Last month, I introduced a decision-making framework (see Decision Flow Chart) to help bowlers deal with changing ball reaction as lanes transition. This month, we will be applying that framework to ‘house shots’. They come in all shapes and lengths and, while they are generally high scoring, they can’t all be attacked the same way. Even more importantly, they don’t all break down the same way.
I mentioned at the end of the last article that house shots can be challenging despite the general assumption that they are easy. I’ll explain that statement a little later, but first I want to touch on two key elements of the decision-making process: what happened (ball reaction) and the adjustment decision.
We’ll start at the end of the decision-making process since that deals with your equipment and physical abilities. According to the framework, you will make your adjustment decision by selecting from your own preferred adjustments and physical tools. Those tools are your bowling balls.
Last month, I gave a brief overview of the variety of balls necessary to give different reaction shapes and maximize your options. I wanted to go into a few more specifics this month as this will relate to selecting equipment. Let us suppose, for example, that your analysis leads you to the conclusion you need to create more length and sharper backend. A ball change is a possibility but only if you’ve got the equipment to do so.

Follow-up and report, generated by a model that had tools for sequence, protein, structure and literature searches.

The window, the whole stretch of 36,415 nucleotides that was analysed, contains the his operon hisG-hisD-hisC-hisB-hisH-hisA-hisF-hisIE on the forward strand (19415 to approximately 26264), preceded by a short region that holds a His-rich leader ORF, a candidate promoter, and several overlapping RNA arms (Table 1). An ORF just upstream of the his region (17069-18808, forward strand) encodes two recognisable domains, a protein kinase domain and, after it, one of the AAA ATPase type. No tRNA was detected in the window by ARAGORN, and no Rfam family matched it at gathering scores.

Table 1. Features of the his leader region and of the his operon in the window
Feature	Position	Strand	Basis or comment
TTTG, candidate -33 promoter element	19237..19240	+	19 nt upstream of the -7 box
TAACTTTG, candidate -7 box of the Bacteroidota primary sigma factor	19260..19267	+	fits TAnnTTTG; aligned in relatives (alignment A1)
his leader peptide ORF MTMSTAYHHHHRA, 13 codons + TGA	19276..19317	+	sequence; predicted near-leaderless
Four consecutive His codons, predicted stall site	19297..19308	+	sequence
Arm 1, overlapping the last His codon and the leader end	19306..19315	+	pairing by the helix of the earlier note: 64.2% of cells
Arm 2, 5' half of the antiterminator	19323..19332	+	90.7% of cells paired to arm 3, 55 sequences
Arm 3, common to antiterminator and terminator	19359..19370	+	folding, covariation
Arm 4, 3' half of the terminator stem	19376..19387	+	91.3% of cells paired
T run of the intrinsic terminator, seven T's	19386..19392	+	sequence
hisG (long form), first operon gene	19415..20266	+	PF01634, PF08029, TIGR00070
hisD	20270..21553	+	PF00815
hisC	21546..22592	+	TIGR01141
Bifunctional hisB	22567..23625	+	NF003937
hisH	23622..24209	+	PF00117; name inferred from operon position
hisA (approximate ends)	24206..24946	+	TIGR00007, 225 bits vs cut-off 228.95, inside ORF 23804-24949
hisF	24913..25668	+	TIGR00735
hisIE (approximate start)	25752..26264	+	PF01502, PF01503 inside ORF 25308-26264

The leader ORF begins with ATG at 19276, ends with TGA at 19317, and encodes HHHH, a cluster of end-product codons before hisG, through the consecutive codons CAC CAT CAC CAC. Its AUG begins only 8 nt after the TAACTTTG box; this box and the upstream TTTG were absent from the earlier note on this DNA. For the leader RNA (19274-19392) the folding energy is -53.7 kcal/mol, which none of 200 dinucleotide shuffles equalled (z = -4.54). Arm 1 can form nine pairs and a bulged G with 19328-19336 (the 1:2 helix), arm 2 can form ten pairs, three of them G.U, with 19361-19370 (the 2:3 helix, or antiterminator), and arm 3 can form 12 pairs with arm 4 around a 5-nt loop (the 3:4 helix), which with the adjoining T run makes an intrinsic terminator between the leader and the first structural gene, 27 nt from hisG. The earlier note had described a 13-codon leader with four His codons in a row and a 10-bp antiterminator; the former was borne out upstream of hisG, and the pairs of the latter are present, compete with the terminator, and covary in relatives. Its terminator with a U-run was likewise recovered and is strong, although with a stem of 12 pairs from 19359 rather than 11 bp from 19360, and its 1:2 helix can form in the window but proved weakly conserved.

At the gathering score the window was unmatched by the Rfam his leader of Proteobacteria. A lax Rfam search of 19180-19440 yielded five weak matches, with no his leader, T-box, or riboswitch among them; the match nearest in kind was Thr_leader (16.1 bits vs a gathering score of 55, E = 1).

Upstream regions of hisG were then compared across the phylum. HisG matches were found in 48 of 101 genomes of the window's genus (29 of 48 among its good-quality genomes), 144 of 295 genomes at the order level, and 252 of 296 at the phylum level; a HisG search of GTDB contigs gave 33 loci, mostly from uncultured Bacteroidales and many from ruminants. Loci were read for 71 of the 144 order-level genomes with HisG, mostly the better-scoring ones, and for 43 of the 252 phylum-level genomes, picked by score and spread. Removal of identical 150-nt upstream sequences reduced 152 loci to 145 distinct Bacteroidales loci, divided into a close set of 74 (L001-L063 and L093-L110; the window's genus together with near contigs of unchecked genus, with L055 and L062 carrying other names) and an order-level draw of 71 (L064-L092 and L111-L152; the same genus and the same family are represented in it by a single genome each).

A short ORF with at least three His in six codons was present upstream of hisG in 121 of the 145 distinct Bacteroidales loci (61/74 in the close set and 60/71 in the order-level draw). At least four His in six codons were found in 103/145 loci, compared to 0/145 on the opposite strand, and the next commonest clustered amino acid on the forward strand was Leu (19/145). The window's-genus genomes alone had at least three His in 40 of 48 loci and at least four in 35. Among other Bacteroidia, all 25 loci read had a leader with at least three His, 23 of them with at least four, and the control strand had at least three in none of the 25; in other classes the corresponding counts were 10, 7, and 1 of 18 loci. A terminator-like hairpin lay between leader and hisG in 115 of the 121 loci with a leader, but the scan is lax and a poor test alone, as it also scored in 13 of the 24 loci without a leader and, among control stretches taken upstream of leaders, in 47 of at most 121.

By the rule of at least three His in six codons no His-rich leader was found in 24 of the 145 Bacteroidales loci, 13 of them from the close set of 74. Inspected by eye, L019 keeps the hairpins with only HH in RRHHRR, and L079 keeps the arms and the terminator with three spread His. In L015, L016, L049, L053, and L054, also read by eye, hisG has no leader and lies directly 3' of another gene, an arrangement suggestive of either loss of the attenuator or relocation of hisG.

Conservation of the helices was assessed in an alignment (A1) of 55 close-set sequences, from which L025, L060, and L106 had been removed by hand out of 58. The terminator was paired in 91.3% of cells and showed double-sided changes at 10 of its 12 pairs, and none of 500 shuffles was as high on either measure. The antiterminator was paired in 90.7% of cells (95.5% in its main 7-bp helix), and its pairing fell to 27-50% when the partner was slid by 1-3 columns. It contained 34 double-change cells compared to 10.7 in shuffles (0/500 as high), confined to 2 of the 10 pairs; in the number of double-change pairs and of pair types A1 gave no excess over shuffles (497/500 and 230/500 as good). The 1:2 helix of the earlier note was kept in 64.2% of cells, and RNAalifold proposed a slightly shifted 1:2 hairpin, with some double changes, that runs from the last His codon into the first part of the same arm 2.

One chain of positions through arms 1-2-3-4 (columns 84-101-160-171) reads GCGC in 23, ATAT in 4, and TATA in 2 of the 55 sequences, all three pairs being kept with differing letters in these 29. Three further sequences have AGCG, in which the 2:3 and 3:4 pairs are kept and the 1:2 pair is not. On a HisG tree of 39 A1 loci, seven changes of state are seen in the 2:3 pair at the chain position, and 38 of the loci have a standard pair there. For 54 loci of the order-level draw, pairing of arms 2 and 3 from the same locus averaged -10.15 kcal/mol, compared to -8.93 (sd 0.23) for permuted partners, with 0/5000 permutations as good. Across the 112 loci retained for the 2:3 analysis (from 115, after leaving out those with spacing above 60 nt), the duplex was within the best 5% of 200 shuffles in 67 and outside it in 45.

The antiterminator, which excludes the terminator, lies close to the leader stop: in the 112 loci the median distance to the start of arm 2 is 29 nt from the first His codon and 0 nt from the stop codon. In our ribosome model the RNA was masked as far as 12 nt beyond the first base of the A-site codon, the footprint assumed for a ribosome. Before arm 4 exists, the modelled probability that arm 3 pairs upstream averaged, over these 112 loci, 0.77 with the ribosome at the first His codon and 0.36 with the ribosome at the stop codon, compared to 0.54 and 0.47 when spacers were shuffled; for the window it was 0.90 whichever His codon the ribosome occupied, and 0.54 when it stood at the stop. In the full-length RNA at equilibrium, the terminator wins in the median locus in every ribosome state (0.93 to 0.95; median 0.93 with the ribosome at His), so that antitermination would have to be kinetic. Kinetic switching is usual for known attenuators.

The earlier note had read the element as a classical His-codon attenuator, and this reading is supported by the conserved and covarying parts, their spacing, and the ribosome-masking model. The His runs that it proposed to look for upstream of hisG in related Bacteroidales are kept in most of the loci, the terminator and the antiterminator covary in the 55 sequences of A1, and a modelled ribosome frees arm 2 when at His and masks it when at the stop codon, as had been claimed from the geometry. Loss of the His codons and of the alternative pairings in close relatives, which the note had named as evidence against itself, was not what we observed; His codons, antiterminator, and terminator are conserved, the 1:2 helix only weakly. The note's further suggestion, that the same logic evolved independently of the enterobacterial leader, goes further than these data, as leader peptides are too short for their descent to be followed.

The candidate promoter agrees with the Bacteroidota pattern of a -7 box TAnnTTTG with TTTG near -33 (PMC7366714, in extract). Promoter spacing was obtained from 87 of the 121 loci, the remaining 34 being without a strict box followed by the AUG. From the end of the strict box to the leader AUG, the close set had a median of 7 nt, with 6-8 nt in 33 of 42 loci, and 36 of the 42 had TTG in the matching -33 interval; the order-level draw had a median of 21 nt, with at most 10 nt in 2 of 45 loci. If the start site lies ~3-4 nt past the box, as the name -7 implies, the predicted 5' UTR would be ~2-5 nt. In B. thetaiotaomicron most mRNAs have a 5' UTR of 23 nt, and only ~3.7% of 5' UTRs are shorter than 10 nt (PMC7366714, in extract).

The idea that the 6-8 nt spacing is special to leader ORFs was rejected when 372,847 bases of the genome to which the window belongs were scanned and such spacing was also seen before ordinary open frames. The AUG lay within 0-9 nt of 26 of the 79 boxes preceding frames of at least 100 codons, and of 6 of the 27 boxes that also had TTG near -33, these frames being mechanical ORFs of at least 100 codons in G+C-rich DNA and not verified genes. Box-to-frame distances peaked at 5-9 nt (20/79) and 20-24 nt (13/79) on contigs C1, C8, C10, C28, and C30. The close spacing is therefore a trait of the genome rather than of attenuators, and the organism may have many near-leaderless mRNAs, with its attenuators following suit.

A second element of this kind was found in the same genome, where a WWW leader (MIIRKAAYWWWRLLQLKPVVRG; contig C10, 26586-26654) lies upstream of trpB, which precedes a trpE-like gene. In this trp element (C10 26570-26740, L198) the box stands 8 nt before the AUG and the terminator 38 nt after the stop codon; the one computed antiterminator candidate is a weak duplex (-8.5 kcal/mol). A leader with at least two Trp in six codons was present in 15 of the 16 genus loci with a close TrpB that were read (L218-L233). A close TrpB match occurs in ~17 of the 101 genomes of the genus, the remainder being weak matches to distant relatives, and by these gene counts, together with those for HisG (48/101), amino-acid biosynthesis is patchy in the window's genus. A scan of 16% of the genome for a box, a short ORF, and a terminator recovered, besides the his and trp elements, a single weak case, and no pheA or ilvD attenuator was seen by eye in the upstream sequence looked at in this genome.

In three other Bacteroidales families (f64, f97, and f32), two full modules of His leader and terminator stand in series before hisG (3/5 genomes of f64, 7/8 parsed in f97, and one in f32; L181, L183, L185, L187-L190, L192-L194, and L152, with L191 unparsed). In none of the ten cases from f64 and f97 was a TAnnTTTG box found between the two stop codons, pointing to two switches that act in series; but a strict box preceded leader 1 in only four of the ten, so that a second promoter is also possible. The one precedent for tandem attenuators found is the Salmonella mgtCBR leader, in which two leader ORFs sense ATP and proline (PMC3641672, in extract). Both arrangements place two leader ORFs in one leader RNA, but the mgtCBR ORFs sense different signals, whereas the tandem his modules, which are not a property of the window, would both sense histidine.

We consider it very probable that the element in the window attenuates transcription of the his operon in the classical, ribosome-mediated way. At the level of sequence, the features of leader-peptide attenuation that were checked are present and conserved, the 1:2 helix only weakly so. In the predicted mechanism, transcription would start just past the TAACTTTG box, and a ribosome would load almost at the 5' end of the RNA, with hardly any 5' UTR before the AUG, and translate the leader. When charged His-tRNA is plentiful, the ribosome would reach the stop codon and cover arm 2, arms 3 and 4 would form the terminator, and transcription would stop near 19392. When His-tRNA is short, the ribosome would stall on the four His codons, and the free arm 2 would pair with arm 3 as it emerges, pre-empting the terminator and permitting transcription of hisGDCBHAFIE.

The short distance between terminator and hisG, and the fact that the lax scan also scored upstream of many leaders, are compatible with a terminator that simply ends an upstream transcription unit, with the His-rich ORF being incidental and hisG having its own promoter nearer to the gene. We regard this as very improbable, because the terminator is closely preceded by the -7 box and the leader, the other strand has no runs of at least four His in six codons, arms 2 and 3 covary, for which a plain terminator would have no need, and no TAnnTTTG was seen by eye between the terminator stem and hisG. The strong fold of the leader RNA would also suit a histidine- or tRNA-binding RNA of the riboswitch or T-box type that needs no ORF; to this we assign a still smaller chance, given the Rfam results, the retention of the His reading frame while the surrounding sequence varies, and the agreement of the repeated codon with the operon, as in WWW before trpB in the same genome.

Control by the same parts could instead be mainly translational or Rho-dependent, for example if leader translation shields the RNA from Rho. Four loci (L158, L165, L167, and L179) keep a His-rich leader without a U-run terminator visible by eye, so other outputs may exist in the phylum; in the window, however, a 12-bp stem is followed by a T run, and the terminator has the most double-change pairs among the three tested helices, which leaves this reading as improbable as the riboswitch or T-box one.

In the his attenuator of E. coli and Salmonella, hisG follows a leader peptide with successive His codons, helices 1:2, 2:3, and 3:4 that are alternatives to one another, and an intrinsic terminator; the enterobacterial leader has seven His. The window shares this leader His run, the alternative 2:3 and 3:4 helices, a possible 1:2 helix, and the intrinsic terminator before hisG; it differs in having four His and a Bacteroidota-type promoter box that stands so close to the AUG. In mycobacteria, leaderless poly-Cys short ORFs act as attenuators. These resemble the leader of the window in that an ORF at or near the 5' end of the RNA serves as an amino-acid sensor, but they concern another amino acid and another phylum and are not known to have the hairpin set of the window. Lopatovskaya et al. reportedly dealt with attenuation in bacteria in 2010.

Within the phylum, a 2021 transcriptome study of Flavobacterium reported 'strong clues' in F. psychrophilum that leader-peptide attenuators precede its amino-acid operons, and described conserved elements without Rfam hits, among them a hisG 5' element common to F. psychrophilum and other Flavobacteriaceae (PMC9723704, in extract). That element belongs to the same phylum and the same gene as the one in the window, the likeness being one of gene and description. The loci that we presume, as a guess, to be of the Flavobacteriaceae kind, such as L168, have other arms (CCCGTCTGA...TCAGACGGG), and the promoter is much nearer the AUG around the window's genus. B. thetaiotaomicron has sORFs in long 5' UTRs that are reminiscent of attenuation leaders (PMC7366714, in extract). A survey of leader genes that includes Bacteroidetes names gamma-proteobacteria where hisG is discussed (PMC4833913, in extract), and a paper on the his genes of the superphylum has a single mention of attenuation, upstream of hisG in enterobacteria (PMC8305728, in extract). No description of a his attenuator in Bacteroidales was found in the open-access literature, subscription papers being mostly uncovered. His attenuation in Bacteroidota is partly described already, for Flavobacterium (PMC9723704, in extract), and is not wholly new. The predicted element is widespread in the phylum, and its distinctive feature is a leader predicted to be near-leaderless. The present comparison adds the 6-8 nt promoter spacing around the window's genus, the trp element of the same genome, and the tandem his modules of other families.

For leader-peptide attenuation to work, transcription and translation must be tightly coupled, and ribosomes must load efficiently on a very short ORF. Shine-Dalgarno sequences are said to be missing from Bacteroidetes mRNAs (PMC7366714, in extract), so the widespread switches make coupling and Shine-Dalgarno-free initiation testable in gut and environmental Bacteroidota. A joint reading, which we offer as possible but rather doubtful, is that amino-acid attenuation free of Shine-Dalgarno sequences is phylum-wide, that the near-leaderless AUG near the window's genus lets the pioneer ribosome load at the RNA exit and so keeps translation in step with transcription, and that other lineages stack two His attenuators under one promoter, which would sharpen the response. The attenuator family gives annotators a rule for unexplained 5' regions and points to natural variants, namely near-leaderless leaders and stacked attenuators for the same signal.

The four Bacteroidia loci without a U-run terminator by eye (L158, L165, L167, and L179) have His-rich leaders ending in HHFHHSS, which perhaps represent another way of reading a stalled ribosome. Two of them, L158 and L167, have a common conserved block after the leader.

Let’s put it this way. I usually use a sanded ball on the fresh house shot in my local league and move to pearlized balls that have a sharper breakpoint shape as the lanes break down. Notice that I did not refer to how much each ball hooks. Like most bowlers, I will usually move left as the lanes break down and create more axis rotation as I do so but at a certain point it is simply more effective to change balls. By going beyond that point, I’m forced to not only go past my own physical comfort zone but also beyond the sanded ball’s effectiveness.
I mentioned in the last article that a variety of balls is necessary to best cope with changing lane conditions. Refer to the ‘House ...
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